• kctifwatch

Coalition urges voters to reject new sales tax at June election.

For Immediate Release

May 28, 2020

The Coalition for Kansas City Economic Development Reform issues official statement of opposition in an effort to inform voters on why they should vote no.


Kansas City, Missouri— May 28, 2020 The Coalition for Kansas City Economic Development Reform urges voters to vote no in the upcoming June election against the proposed sales tax increase for the Fire and Safety budget.


“I support our fire and safety department and we feel saddened that they are in need of funds, but voters should know that the same city council that has approved this ballot initiative gave Waddell and Reed a pass on paying into the very same fund that they need this tax for,” said Angie Lile, a community leader in the Waldo area and member of the Coalition.


Disproportionate Impact on the Financially Challenged


Many people in the Kansas City metro area are facing hardships due to the Covid-19 pandemic and many more will follow as it draws on an unknown amount of time. At the time of the vote, city council members did not know what life was going to look like in Kansas City today when they agreed to put this on the ballot. Hardships include medical emergencies, unemployment and even less options when it comes to purchasing needed goods and services. Raising prices for everyone would have a disproportionate impact on people who are financially and/or medically challenged and for some, would be the final nail in the proverbial coffin.


Mismanaged Funds


One of the many things that our taxes pay for is safety, both for police and fire protection services. The current sales tax for fire safety is not set to expire until 2036 so many voters are understandably confused as to why we need to raise the tax even more. The Coalition maintains that City keeps diluting existing taxes by doling out taxpayer-subsidies for unpopular luxury housing and speculative class-A office towers. Many in the Coalition believe that our runaway incentive process is rife with conflicts of interest and should be brought to heel before we take on big new taxes like this one.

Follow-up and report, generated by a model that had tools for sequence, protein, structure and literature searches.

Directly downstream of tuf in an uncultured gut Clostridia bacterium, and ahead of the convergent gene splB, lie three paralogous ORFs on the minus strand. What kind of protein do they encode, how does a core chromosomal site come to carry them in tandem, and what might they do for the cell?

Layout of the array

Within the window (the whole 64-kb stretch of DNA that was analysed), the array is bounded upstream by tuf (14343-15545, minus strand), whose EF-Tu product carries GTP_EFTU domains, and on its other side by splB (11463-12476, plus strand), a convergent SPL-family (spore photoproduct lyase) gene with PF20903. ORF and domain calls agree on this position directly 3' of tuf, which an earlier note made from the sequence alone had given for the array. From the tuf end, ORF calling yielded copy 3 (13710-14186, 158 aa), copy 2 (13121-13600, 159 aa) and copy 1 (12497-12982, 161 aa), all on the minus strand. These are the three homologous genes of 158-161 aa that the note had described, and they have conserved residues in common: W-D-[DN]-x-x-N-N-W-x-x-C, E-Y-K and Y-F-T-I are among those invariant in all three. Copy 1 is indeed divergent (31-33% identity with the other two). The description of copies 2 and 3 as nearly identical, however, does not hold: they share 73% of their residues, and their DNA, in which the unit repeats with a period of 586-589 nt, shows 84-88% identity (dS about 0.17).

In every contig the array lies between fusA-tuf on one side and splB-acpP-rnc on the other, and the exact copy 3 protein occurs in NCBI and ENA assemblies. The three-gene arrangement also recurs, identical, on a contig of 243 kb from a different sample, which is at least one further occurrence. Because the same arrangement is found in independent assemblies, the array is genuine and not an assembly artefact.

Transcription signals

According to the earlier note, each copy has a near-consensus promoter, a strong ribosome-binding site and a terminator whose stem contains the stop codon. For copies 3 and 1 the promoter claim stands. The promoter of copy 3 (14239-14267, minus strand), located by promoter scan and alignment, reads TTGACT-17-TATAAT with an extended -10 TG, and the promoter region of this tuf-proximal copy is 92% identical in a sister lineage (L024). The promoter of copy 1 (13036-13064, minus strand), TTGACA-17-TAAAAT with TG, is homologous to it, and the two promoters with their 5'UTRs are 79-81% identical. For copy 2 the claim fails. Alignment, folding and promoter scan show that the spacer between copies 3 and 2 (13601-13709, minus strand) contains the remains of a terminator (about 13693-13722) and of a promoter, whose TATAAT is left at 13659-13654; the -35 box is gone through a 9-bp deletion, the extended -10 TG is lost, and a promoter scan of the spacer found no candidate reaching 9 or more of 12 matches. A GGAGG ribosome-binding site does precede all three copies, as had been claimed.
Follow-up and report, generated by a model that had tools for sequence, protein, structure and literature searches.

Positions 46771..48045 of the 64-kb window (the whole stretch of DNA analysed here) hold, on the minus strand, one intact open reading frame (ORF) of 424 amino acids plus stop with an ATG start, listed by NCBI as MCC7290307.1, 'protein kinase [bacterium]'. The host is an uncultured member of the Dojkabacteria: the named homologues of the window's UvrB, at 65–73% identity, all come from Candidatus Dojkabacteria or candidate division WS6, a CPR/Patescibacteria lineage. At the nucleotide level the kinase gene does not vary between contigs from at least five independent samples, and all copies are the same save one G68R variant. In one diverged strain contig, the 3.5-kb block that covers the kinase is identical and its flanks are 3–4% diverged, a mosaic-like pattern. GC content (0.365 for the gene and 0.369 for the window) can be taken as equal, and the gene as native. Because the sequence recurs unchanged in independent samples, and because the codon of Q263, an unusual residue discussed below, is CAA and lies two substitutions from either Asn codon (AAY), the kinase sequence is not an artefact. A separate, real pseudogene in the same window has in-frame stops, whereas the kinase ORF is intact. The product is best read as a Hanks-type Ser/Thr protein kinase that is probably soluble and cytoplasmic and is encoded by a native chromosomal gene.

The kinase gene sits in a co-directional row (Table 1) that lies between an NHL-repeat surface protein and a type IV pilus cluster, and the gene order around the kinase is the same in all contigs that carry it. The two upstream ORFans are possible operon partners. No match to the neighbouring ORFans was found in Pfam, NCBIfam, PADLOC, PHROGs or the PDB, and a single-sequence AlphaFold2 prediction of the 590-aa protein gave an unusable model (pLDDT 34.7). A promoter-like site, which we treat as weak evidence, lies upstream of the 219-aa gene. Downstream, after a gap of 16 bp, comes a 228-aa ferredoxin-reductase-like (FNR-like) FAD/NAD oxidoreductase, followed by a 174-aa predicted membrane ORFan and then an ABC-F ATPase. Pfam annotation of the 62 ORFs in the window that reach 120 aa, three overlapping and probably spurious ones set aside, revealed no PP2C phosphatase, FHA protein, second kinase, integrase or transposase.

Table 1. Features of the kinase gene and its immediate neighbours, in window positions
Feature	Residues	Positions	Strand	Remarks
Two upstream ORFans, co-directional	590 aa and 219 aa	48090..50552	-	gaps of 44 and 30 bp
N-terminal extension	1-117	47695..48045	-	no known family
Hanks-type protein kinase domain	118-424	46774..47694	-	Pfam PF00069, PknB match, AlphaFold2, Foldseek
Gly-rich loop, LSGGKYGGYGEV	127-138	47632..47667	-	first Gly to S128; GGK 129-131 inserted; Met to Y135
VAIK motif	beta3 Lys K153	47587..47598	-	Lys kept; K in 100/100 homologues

“Add to this that the city recently announced that they needed to audit our use of community improvement districts (which also add to the sales tax base) because these funds were not being properly managed and now we are talking about exceeding our saturation point on sales taxes in those areas if this passes,” Lile added.


Sarah Owsley with Empower Missouri and a Coalition member had this to say: "Residents of Kansas City should understand where our tax dollars go already. Too often they are diverted from the things we need, like fire / safety and instead invested in things someone wants, like empty office space. There is no doubt that the need is real in our Fire Department, however adding a sales tax during a global pandemic to make up for a budget shortfall that happens as a result of development incentives gone wild is not the answer.”


While you won’t see a postcard mailer from the Coalition asking you to “vote no”, the Coalition is a volunteer organization and has no funds for that, they do want to make sure that you turn out to vote if at all possible, against this unfair and inequitable tax.


The Coalition adamantly supports our fire and safety organizations by advocating for them at city hall, but do not approve of a tax that will disproportionately affect the growing population of disadvantaged Kansas Citians.

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